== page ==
The Hunt for the Elusive Morel Mushroom by Tim Morgan, Park Superintendent
I love to Morel mushroom hunt. Its a fun activity the whole family can enjoy. But be forewarned: Morel hunting requires skill and is extremely addictive once you know what to look for. But even then, knowing your target doesn’t necessarily guarantee a successful mission. After all, it’s the hunt in Morel hunting that makes it all worthwhile. But if you’re looking for a fun activity the family can enjoy during spring, this scouting mission might just be for you.
Hunting for Morels requires training and experience to become a pro, and even a pro gets skunked on occasion. It always helps to quiz any seasoned hunter you might meet. They most likely will refuse to reveal their secret hunting spots (as this is considered sacred and most will take this prized information to their grave), but many will reveal their techniques. Reconnaissance is half the battle.
The best place to look for Morel mushrooms is in the woods. They are often around dead or dying trees (specifically Elm trees). They can also be found around Ash, Apples, Conifers or Evergreens. It is important that you can identify trees when you hunt mushrooms, and really, that is where the family-fun activity comes in.
Be sure to dress in long pants to help protect from poison ivy and use a spray to keep the tick away. A walking stick comes in handy to move around the understory plants so you don’t have to bend over. No other specialized tools are required, but you should bring along a grocery bag to collect your bounty. For beginners, a picture to help identify your target is also a good idea.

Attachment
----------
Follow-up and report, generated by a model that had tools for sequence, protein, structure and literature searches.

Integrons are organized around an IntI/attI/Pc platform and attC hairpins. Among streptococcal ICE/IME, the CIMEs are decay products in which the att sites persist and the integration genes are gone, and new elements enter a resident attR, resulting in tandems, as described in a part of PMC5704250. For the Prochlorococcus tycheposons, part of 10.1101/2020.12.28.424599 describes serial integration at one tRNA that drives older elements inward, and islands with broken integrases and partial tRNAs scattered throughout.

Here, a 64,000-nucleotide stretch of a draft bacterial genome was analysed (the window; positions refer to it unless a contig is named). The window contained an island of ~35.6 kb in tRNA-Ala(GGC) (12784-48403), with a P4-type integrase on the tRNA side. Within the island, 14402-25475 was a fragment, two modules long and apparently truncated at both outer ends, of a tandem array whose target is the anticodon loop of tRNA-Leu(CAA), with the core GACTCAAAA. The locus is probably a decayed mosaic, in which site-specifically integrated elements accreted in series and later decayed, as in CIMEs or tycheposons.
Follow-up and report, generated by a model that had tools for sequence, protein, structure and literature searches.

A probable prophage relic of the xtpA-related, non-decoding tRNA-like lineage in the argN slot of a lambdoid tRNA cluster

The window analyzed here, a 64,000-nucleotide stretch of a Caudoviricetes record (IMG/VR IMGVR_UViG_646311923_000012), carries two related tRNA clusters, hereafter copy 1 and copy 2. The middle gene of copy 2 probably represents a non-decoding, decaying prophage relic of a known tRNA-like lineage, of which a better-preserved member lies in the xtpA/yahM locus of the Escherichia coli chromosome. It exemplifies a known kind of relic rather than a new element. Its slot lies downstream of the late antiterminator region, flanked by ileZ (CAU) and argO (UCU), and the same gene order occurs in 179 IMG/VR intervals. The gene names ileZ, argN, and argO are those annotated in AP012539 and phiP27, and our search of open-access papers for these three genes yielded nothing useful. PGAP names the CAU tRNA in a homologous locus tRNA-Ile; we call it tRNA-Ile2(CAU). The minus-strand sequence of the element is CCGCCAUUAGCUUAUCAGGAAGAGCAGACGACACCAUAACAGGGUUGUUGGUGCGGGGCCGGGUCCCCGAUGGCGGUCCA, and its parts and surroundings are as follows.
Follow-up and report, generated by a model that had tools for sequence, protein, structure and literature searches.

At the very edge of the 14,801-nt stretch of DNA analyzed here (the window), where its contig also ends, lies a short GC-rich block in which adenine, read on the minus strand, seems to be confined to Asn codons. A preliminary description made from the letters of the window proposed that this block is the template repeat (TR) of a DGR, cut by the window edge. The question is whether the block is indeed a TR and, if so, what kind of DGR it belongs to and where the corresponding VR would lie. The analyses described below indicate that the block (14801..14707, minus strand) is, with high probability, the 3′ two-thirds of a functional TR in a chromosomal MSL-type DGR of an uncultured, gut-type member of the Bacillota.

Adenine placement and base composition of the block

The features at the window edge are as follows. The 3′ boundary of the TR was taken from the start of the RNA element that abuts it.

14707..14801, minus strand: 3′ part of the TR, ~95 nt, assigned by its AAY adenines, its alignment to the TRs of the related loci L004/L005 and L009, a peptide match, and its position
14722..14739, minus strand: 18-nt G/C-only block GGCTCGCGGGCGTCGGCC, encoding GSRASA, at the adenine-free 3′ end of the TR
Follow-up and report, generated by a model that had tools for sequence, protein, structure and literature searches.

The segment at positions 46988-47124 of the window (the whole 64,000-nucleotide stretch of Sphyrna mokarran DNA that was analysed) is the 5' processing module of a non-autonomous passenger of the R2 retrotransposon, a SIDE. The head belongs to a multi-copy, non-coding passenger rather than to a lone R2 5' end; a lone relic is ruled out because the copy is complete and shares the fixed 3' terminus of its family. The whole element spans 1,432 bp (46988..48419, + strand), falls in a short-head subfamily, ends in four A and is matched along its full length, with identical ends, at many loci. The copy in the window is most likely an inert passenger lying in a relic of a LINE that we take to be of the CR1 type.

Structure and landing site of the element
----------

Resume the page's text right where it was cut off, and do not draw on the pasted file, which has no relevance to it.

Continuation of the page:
I cannot stress enough the importance of not eating what you find until an expert confirms that they are in fact Morels. While Morels are edible, most mushrooms are poisonous. Some are even deadly. So be sure to have a Morel expert confirm that you have actually found Morels before you “put a fork in it”.
I will end by stating some of the warning signs that you may be developing Morel madness:
1. Inability to walk in the woods in spring without staring at the ground.
2. Inability to drive or walk past a dead or dying tree without wanting to stop and snoop around.
3. The most telling of all is once you have completed a day of More hunting, you continue to see them even after you’ve closed your eyes to go to sleep. Like counting sheep, you dream the mother load.